There's a special atmosphere permeating the hidden Purbeck gem of Burnbake.

Nestling in woodland, halfway between historic Corfe Castle and Studland, this little piece of tranquility with a stream running through, is home to a campsite and luxury lodges and at £4m, one of the biggest recent investments in Dorset's tourism sector.

It's a rather modern twist in an area once described as being of 'unresolved enigma and dark secrets.'

It's a place to escape the mad rush of the world and largely the vision of one woman, Philippa Ryder of the Ryder family, owners of the sprawling Rempstone Estate on the Isle of Purbeck.

Philippa founded the Burnbake site back in 1975 with her landowner husband Ben and his twin brother James.

Then you would have found her working night and day to make it a success, doing everything from scrubbing the toilet block to checking in guests with the colour coded booking system.

Today you may find her out on the water collecting samphire for the home cooking kitchen on site.

"I never worked so hard in my life when we set out," Philippa explained. "When I look back at it now, I wonder how we did it all. It has been an amazing journey."

The land that now houses the campsite and lodges was originally a patch of burnt out heathland, known for centuries as Burnbake.

With trees planted for shade in the hot summer days, it was the start of many subtle changes.

"We may have come a long way, especially recently but Burnbake is still very much rooted in the family and it's why people come back year after year I think," said Philippa.

In the 18th and 19th centuries, the Rempstone Estate stretched in a broad sweep across the Isle of Purbeck from the southern shore of Poole Harbour to Winspit and Worth Matravers.

The Rempstone parish has been described in his historical terms as an area of unresolved enigma and dark secrets.

The name is thought to have come from one of the original Lords of the Manor, Robert Rempston, in the 15th century.

The estate changed hands many times over the centuries.

In 1861 the census noted that Rempstone Hall had ten resident servants, two footmen, two ladies' maids, a cook, a cookman, a scullery maid, a butler and a carpenter.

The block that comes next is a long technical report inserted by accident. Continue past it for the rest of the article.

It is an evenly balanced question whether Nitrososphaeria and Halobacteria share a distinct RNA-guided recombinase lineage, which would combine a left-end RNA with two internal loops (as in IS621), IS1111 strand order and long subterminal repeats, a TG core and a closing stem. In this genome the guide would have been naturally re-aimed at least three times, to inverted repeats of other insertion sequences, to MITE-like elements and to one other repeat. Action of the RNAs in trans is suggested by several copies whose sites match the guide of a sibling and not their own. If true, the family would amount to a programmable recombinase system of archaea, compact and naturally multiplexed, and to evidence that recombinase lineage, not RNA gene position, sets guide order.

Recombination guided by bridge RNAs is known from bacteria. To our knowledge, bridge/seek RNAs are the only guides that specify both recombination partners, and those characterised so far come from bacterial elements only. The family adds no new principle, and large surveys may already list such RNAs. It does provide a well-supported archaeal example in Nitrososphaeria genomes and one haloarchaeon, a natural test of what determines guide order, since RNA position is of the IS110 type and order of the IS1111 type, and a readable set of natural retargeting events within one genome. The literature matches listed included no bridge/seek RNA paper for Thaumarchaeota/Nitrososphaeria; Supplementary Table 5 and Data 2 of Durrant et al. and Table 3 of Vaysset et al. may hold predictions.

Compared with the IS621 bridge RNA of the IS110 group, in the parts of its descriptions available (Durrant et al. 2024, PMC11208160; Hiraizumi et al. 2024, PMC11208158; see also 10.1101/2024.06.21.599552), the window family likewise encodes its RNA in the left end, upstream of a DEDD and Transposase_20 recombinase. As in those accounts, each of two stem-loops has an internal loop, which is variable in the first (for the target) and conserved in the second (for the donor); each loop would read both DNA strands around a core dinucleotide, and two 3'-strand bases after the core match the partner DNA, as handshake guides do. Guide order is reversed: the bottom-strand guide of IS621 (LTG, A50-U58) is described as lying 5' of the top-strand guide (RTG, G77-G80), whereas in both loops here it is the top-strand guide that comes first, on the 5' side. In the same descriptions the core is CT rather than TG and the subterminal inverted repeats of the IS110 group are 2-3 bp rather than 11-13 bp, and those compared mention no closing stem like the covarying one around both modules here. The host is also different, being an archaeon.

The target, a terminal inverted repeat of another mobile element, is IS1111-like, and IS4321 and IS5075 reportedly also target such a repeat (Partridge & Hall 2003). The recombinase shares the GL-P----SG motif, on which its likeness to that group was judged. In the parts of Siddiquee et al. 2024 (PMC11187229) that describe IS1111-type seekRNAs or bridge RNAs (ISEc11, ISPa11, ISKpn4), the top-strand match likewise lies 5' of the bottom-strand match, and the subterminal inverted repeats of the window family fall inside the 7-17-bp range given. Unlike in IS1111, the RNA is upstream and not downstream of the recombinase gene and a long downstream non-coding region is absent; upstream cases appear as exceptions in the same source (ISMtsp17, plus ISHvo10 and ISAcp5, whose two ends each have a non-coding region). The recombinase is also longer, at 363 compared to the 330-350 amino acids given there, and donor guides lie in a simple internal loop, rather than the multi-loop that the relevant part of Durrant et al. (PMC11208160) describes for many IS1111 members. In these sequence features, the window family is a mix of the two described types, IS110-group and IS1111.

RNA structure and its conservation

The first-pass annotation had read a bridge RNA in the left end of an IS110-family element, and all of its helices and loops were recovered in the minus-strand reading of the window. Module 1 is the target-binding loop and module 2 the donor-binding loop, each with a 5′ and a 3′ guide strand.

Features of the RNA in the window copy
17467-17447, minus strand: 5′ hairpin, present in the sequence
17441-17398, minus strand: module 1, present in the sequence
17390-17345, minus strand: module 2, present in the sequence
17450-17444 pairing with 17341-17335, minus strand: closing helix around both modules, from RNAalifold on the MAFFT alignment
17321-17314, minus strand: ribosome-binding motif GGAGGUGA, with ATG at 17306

In 1927, the hall was inherited by Major Douglas Claude Dudley (Jack) Ryder and his family. Jack was Lord of the Manor for 50 years. He served as a Purbeck district councillor for 35 years where he served as chairman between 1959 and 1968. He also was a Poole Harbour Commissioner. Jack died in 1986.

He was the father of Ben and James. Philippa and Ben married in 1960.

Rempstone Hall was requisitioned by the Defence Ministry and only returned to the family in 1949. It has been claimed though never confirmed in any document, that the D Day landings were planned here.

It's a long and fascinating story and the Burnbake chapter is just a small part of the rich history of the land.

Looking back on a typical day right at the start of Burnbake, Philippa recalls the routine at the height of the summer.

"Running the shop, running the site and everything else. My feet didn't touch the ground. I used to be up here early in the morning, collecting the rent, doing the shop although I didn't really like that part.

"By about 10.30am I would go home and cash up. That would take me an hour. Then I would go back and clean the loos before getting a picnic together and going to the beach to crash out and fall asleep! Then I'd be back on the site for 5pm and work until mid evening.

Our three teenage children were also involved back then. They helped sell basic food stuff from the boot of the car, clean the elsan loos and burn the rubbish. "It was only for a few weeks in the summer then, but it was full on."

In 2000, when she was 60, Philippa decided it was time for a step back after having been at the helm for more that 20 years.

After nearly 40 years of the campsite only, it was decided that the business needed a big step forward.

Planning permission was granted for the bespoke lodges in 2013 and they were installed over the winters of 2015 and 2016.

Philippa and both her sons were very instrumental in this part of the project and are now all directors of the company. Her daughter of Nuni produced the soft furnishings and helped with the overall interior design.

"The ethos of Burnbake is that we don't have too many rules and regulations because life has too many of these already."

Today Philippa and Ben still visit regularly, mending fences, trimming hedges and keeping their hand in, although there's now a team on site.

"Whatever we do here, we will always feel as though we are custodians of the land," she says.

"It is a very precious place."

Still enigmatic, but no dark secrets.